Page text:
Sony has remarkable design sense when it comes to evolving its camcorders. From SD to HD and now to 4K, its prosumer
line carries forth a design that makes it easy
to transition from one generation to the next.
Similar button placement, design ergonomics,
battery specs, in-camera menus, etc., make new
cameras in the line feel familiar to the longtime
Sony sent me a PXW-Z150 4K XDCAM camcorder (Figure 1) to check out for a few weeks.
I was excited to investigate this model. Sony’s
earlier 4K prosumer camcorder, the AX1, featured a 20x optical zoom that the company was
able to build affordably into that low-cost camera because of the small 8. 3 MP sensor.
The Z150 features a larger 1", 20 MP sensor,
and only a 12x optical zoom. But with the extra
resolution on the sensor, and some internal processing, Sony offers 18x “Clear Image Zoom”
in 4K and 24x in HD.
This camera felt a bit like the prosumer-ization of the AX100 4K consumer camcorder,
which featured an XLR adapter. It has the same
1" sensor, 20 MP, 12x optical zoom, Wi-Fi cam-
era control, etc. But everything around that
starting point has been made more profession-
al: The Z150 has a larger lens setup with three
dedicated rings, a lot more direct user control
of features, built-in XLR and handle, dual me-
dia, and more.
There’s nothing wrong with this evolutionary
approach; every camera manufacturer does it.
But it can lead to unexpected limitations when
approaching this camcorder as you would any
other professional camcorder. In this case, one
result of taking this approach is the inability to
have video on both the viewfinder and the LCD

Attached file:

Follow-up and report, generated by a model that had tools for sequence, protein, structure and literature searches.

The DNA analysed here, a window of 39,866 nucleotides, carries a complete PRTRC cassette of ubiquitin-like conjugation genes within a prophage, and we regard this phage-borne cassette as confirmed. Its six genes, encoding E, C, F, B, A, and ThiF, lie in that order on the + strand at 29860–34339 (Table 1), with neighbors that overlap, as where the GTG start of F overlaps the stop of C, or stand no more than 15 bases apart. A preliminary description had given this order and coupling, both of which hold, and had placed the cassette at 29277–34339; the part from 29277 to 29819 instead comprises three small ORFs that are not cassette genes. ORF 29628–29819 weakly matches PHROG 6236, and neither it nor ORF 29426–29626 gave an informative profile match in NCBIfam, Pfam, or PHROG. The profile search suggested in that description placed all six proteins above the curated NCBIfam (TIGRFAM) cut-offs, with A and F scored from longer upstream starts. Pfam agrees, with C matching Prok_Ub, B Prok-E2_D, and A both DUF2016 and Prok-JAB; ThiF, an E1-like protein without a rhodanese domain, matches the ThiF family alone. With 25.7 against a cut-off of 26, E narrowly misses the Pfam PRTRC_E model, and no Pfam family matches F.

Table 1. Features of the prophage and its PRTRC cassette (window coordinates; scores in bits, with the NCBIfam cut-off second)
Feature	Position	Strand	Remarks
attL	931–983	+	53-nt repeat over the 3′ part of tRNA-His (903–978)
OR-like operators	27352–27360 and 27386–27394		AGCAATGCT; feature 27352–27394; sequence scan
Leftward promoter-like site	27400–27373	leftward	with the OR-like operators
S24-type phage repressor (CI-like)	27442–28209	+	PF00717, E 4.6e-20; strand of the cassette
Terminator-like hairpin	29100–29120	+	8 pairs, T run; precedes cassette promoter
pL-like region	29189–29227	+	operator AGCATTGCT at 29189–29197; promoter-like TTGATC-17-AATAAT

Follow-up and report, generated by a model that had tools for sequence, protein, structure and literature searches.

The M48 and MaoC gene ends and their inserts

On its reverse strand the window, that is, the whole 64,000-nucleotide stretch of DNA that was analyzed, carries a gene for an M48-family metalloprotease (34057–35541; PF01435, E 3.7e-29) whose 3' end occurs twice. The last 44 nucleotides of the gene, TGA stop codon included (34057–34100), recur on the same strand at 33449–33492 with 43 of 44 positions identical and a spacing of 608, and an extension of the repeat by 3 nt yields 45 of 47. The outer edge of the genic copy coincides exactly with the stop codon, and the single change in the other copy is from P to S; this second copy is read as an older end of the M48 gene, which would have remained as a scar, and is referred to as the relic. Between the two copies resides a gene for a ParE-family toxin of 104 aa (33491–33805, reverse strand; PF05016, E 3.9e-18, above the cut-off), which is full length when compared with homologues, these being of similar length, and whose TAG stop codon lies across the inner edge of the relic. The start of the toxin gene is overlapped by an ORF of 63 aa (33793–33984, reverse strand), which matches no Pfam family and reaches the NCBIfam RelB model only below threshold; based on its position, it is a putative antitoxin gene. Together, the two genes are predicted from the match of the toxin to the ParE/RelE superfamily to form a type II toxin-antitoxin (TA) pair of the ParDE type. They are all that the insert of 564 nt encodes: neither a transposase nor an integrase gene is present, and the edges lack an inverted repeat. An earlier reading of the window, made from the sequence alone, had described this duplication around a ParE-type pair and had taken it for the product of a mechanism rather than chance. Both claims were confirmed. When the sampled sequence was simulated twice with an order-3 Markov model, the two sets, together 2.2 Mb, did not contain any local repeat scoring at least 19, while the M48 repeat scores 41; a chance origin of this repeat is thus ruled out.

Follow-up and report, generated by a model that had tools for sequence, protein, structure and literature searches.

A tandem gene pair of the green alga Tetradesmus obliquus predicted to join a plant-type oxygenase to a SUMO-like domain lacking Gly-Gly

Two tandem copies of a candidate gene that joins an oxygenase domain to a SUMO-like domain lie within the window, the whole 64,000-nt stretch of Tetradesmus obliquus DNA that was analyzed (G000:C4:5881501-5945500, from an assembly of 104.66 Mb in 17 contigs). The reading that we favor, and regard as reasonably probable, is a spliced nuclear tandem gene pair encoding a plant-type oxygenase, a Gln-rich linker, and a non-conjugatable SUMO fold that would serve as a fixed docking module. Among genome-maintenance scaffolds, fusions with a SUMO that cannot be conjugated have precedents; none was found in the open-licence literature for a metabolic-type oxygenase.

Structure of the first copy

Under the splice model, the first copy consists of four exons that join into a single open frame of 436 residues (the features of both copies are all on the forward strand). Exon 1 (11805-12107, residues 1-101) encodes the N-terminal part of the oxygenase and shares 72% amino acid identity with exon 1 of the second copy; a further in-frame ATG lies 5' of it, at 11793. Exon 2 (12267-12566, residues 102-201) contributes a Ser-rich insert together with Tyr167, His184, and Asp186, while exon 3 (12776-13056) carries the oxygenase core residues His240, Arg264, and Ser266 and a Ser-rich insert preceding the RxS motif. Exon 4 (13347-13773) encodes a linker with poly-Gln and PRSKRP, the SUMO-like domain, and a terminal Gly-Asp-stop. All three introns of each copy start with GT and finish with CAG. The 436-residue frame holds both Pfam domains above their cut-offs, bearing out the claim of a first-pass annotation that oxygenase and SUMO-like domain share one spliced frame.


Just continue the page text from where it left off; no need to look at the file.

screen. Or, if you have an external monitor or
recorder connected and you hit Record, you
can have video only on the built-in screen or the
external screen. You can have only one screen
with video on it, wherever that screen may be.
If you planned on using the Z150 in a studio
and need to give the operator a feed, and then
send the video off to a video mixer in the control room, you’ll have to rely on monitors that
can pass through the video signal. The camera
settings can still be seen on the Z150’s built-in
LCD, but not the active video signal if you are
sending it externally and recording at the same
time. If you are not recording, then you can
have video on the camera’s internal screen,
and one external connection.
Compare this with the currently less expensive, larger-sensor, interchangeable-lens
JVC GY-LS300, which can record 4K and feed
the image out to the viewfinder, the LCD, the
SDI, and the HDMI, all at
the same time. That’s pro-fessional-level connectivity.
The Z150 has a lot going for it beyond its compact construction. It shoots
4K and HD, and it has XLR
jacks, dual media slots, and
many different video outputs
including SDI and HDMI. It
even offers two composite
(SD) video outputs (one requires an adapter).
The 12x zoom is about
the minimum you’d want to
Sony PXW-Z150 4K XDCAM Camcorder By Anthony Burokas